Oh boy. I have been trying to get dates for a large number of image files, but I think I need to very quickly get what I have online as there are a handful of images that are stubbornly not at all easy to pop into my current folders as the dates simply to not match the style in the art. So I’m going to have to bookmark a whole lot of sites to come back to so I can do this fast start to my pages so that I can then explain my rationale for dates.
This painting has always been a bit of a mystery to me. It really does look like the work of Bruyn, her face especially but her dress does not look entirely as expected from Cologne, but it does not mean it isn’t North Rhine.
Last year the painting was taken out of storage to be studied. So far fake aging has been identified as well as an understanding that the crest was added in the 19thC.
I’ll be interested to know to what extent her clothing has been altered, one element rings as untrue and that is the cuff. Not for being rather flamboyant but how the red has been treated- I suspect it is the other side of the cuff but might have been repainted over the wrist as it it was decoration.
The paned sleeve is also seen in the Weidtz costume book and on the triptych on the figure of Amalia. But the specific style is straight from several Tom Ring portraits of women in the second half of the 16thC.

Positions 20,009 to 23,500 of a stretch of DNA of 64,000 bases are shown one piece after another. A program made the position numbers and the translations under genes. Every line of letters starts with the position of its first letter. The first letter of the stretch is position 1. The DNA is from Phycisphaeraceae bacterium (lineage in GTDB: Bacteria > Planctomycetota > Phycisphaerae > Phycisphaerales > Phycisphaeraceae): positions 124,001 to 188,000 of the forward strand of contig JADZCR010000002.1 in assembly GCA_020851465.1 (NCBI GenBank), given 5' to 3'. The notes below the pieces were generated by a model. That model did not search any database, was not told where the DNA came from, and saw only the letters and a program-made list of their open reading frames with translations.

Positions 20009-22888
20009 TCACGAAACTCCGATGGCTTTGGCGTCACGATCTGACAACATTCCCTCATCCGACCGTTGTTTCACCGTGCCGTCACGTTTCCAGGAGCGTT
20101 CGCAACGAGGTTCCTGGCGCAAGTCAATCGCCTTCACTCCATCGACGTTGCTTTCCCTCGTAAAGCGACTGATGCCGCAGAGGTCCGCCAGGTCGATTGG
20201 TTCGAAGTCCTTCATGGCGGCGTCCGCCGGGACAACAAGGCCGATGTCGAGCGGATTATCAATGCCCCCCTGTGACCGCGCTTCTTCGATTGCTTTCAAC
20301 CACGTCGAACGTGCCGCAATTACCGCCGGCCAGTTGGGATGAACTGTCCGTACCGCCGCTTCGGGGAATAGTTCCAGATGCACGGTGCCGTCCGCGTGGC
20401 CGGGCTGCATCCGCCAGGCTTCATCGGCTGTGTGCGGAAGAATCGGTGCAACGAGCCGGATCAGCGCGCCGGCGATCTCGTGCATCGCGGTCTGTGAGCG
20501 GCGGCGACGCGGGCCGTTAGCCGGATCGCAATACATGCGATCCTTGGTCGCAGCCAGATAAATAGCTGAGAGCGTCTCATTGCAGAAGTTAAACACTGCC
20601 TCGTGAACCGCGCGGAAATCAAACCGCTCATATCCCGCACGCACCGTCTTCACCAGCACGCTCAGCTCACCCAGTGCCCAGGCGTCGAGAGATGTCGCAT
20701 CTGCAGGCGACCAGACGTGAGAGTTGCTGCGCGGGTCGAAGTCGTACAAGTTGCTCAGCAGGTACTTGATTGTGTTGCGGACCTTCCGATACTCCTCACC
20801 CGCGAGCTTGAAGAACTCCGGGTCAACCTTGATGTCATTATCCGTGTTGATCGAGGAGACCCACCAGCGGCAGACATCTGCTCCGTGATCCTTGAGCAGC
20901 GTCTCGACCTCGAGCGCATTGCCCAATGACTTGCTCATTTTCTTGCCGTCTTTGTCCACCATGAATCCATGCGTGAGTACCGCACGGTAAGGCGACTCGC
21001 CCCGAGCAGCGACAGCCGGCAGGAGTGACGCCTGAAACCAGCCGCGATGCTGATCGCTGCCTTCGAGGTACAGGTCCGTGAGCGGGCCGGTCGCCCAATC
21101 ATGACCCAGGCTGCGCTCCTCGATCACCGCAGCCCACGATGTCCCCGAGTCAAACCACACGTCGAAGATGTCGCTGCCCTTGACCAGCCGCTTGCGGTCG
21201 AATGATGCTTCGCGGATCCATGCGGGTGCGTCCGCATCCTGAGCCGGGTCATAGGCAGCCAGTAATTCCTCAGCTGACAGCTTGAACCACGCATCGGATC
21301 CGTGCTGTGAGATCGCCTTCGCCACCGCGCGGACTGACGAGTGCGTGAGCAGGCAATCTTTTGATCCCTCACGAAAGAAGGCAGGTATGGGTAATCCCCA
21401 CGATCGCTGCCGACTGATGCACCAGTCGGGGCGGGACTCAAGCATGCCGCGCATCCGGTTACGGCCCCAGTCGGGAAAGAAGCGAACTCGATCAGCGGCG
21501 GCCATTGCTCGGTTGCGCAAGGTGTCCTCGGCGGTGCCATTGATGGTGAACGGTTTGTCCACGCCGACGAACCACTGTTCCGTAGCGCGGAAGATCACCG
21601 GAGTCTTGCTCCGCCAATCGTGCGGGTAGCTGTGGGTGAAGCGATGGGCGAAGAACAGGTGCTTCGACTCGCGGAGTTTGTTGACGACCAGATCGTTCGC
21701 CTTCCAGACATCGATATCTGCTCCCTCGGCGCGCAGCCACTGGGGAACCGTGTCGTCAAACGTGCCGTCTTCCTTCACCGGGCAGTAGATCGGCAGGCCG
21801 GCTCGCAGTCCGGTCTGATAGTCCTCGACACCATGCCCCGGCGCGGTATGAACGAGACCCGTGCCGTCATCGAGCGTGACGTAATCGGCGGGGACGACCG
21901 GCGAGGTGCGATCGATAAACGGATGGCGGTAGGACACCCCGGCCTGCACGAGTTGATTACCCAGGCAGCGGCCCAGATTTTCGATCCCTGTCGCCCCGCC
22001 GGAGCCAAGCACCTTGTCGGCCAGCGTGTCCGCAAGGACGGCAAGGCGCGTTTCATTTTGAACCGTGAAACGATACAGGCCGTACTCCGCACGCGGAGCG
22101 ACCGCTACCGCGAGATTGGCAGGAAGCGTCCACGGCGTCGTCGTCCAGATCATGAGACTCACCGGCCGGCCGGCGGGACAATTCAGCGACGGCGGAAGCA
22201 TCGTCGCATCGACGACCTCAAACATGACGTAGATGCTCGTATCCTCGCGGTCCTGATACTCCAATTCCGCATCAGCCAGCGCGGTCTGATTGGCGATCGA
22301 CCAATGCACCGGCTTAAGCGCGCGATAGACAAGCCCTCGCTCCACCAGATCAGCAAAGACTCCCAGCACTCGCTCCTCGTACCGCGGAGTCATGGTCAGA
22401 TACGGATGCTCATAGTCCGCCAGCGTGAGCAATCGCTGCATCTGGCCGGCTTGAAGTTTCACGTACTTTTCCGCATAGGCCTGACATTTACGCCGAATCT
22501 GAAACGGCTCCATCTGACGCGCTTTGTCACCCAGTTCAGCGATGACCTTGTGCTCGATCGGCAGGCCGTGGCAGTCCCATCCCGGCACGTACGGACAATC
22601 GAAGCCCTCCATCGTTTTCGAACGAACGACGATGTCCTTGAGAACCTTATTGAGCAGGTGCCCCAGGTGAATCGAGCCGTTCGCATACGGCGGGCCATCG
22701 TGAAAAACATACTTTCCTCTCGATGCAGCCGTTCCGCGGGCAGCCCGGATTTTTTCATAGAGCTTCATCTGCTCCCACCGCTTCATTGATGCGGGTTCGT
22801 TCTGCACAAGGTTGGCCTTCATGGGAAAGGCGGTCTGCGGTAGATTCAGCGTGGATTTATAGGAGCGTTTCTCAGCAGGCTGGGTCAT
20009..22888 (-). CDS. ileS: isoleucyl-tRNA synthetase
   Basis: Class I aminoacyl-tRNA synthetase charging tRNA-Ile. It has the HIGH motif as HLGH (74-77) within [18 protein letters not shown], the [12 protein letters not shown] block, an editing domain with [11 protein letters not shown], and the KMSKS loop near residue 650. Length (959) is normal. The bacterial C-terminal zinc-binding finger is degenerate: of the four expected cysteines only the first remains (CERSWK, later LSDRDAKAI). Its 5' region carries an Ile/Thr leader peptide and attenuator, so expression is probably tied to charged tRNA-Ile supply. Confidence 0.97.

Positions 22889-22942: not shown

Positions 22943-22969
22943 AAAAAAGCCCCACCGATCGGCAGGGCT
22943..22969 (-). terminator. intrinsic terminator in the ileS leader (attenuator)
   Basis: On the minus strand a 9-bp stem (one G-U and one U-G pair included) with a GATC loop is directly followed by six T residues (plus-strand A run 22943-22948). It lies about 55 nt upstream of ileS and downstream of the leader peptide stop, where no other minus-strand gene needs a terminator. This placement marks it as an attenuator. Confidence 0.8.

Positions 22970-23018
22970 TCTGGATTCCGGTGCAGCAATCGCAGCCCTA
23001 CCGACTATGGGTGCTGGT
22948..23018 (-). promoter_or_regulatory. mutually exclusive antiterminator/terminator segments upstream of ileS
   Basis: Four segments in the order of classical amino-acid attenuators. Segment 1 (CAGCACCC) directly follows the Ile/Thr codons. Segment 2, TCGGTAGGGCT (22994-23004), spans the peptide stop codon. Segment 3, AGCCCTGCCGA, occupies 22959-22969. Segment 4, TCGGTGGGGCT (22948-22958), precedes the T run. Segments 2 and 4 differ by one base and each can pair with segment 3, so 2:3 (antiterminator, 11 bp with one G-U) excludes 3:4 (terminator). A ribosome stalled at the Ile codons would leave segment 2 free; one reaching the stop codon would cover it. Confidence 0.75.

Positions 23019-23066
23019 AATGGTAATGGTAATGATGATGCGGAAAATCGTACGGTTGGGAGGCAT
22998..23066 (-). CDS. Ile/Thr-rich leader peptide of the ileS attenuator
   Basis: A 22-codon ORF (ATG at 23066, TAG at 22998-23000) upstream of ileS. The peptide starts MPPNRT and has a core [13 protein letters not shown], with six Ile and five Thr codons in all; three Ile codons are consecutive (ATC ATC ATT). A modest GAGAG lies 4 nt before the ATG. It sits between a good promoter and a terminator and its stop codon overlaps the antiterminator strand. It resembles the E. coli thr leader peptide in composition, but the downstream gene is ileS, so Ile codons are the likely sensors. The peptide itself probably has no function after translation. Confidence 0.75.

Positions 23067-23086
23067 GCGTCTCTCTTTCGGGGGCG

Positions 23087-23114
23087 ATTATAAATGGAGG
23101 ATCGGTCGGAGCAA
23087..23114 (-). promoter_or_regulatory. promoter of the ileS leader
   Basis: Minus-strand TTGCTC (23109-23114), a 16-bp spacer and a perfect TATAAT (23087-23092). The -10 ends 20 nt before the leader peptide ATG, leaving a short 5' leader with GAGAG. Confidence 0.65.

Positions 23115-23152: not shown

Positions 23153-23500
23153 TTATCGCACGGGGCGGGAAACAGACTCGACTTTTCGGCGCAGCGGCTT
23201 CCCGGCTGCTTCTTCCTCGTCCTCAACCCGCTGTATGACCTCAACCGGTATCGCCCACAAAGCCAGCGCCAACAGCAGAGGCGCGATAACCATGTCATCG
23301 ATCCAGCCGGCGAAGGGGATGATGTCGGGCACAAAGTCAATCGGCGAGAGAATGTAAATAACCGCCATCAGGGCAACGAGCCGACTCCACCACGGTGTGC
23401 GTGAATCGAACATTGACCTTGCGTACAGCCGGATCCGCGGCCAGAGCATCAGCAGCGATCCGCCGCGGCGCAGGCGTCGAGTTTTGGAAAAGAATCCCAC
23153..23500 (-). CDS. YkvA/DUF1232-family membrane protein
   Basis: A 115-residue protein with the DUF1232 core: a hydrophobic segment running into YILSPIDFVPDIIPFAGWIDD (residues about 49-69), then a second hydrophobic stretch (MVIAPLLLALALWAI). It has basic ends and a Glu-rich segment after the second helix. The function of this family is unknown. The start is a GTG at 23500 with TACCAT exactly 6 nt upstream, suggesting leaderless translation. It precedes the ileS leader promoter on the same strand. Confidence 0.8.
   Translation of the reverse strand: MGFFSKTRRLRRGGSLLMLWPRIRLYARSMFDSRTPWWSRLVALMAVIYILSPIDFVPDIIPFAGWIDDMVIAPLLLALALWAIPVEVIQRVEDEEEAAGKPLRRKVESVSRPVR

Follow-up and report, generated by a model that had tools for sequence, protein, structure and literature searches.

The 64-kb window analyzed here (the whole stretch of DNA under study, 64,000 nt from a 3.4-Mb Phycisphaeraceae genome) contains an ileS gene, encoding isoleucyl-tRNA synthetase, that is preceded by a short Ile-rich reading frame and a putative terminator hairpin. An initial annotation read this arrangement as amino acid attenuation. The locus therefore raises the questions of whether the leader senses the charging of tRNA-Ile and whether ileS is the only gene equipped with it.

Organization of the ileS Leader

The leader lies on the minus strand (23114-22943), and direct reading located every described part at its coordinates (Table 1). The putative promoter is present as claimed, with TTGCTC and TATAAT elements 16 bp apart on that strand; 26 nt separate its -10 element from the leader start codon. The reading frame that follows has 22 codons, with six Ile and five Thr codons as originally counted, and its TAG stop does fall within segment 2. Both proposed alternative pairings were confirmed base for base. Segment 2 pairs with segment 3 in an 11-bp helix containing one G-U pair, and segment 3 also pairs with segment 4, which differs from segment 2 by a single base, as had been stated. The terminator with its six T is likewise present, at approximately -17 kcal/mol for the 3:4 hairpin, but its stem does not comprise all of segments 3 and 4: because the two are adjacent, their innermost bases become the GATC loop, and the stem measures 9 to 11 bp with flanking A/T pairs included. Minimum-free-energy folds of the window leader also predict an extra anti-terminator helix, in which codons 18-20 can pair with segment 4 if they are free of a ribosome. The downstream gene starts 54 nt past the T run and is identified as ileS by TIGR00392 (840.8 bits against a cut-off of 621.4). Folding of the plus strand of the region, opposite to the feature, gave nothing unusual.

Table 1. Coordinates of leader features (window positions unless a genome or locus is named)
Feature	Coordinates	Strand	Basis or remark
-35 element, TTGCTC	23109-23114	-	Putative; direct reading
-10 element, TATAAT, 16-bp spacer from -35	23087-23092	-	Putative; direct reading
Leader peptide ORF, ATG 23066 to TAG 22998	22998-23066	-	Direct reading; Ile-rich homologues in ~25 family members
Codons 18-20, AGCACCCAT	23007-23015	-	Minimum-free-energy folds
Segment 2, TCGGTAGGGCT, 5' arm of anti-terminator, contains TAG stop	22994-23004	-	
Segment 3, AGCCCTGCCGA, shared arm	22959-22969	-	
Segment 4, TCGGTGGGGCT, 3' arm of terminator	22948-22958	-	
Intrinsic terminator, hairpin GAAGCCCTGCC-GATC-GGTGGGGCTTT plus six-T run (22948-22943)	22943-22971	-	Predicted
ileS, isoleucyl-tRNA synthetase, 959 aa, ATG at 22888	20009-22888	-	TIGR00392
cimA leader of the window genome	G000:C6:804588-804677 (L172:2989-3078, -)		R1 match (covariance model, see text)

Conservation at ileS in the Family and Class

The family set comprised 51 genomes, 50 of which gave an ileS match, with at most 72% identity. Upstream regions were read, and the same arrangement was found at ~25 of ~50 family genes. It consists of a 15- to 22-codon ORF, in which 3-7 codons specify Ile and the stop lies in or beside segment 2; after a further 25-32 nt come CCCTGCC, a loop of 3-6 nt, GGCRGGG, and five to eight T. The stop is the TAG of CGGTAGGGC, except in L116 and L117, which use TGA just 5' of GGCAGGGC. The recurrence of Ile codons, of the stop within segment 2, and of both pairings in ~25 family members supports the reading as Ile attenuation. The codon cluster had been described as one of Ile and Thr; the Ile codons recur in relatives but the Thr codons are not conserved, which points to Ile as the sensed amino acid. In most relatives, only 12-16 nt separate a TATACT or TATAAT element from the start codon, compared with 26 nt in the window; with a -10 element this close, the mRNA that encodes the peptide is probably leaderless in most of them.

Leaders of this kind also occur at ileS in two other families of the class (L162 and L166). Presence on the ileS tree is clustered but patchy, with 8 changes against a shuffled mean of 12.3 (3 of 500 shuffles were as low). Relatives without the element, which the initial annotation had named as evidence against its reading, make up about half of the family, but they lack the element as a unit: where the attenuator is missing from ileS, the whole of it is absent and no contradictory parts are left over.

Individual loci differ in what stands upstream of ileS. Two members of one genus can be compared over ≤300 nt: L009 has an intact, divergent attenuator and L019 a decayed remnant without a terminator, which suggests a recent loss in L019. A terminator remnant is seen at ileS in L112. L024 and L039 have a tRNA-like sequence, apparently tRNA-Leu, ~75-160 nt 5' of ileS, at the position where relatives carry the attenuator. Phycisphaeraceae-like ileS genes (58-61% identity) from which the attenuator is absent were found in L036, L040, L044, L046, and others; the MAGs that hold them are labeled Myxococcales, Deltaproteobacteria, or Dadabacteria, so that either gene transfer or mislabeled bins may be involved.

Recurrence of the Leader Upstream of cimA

Interestingly while we are very familiar with the style of hat worn by Anne of Cleves I do have several instances of headgear that is very different.
Right now I am backtracking all my image references to group by date. So this is going to be a bit of a project but it is happening. This post has been brought to you by this search. I have a folder of a 215 images still to date, not including all the bildindex images that also need dates added.
But there will be a page on hats. Because they are extremely misunderstood. There are several forms and how they came about is very fun to track.
There are times when you just cannot ignore an opportunity and one arose to get a length of the Sartor reproduction weave of the cloth of gold fabric of the Golden Gown of Margareta in Upsala.
So, for years I have wanted to recreate Anne of Cleves wedding gown or her black and gold gown. But I just have not found a brocade (or brocotelle, or cloth of gold) that really would match what I have seen or read.
Sartor’s other fabrics are magical, absolutely magical. But this weave, though it is 15th Century is closer to the fabric seen in the guarding of gowns all over the Saxon and Westfalen regions.
The fabric is being woven right now. So it’s not available as pre-order any more. I have enough to make the same style of dress as I have recently made or the same style dress as one of her mother’s gowns.
So this means I also need to publish my information about those images or this is my third pretty dress with no information.